Before Einstein's work on relativistic physics, time and space were viewed as independent dimensions. Einstein's discoveries showed that due to relativity of motion our space and time can be mathematically combined into one object — spacetime. It turns out that distances in space or in time separately are not invariant with respect to Lorentz coordinate transformations, but distances in Minkowski space-time along space-time intervals are — which justifies the name. In addition, time and space dimensions should not be viewed as exactly equivalent in Minkowski space-time. One can freely move in space but not in time. Thus, time and space coordinates are treated differently both in special relativity (where time is sometimes considered an imaginary coordinate) and in general relativity (where different signs are assigned to time and space components of spacetime metric.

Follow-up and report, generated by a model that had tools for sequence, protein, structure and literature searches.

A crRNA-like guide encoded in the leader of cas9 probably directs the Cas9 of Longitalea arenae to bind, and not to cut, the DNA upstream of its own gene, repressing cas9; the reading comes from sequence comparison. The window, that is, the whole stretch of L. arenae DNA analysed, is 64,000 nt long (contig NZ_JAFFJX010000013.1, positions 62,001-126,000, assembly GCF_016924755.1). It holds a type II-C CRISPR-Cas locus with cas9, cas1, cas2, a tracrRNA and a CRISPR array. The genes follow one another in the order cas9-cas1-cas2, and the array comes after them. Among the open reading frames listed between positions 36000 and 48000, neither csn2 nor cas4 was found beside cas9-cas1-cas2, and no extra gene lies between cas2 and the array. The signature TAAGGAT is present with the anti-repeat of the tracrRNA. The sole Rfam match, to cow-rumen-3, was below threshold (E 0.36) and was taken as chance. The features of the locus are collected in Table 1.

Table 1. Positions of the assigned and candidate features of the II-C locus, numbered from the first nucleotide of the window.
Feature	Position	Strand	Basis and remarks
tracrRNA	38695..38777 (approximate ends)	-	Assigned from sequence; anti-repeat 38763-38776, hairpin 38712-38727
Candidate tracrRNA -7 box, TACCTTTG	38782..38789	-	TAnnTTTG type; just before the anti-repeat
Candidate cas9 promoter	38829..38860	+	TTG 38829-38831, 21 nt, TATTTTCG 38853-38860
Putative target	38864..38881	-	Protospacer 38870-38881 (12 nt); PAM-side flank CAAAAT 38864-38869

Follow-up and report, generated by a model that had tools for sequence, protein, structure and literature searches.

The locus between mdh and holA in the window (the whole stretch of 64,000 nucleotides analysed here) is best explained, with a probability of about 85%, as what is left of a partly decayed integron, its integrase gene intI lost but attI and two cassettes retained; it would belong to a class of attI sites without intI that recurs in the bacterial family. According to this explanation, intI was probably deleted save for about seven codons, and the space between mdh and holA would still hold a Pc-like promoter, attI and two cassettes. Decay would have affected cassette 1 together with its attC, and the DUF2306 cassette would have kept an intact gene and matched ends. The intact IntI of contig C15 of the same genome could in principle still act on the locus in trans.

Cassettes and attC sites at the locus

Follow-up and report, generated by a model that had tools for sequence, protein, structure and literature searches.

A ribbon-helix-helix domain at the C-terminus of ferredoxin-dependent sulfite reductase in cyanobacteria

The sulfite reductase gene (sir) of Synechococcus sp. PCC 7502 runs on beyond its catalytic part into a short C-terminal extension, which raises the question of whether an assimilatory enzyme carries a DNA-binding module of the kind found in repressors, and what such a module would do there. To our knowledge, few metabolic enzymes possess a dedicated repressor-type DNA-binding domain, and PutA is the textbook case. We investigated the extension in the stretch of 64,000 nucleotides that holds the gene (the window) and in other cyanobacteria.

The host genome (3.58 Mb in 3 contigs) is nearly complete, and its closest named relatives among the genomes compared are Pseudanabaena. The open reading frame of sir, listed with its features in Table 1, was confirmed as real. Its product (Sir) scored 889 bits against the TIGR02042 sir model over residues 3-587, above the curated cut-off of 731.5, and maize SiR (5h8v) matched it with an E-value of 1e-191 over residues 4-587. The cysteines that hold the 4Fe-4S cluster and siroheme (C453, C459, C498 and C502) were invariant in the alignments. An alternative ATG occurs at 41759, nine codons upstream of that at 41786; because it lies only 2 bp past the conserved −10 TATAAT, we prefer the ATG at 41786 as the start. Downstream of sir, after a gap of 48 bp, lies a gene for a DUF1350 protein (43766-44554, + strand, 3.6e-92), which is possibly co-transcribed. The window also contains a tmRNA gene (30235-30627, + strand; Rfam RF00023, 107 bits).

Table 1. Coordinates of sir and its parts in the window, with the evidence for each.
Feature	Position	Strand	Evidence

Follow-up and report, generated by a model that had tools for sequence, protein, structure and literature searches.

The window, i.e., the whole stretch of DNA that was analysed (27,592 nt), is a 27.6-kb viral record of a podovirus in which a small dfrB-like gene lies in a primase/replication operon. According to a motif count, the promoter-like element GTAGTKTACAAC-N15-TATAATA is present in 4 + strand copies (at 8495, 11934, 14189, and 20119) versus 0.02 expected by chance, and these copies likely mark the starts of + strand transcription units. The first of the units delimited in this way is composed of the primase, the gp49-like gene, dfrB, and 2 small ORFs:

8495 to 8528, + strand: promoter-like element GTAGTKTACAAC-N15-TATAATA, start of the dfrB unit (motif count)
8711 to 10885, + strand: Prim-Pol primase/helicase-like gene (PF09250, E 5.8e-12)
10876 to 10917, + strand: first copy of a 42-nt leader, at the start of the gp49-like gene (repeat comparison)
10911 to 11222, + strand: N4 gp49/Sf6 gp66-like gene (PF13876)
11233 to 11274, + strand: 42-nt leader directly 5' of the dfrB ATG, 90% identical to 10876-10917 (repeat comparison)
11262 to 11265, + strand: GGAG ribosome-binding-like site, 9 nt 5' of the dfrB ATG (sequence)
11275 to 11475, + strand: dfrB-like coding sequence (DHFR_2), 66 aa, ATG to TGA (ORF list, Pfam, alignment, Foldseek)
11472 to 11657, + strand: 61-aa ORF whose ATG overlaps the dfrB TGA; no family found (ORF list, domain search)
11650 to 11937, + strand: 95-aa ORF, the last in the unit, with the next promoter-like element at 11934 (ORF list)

In Einstein's general theory of relativity it is postulated that space-time is geometrically distorted-curved near to gravitationally significant masses. Experiments are ongoing to attempt to directly measure gravitational waves. This is essentially solutions to the equations of general relativity, which describe moving ripples of spacetime. Indirect evidence for this has been found in the motions of the Hulse-Taylor binary system.
Relativity theory leads to the cosmological question of what shape the universe is, and where space came from. It appears that space was created in the Big Bang, 13.7 billion years ago and has been expanding ever since. The overall shape of space is not known, but space is known to be expanding very rapidly due to the Cosmic Inflation.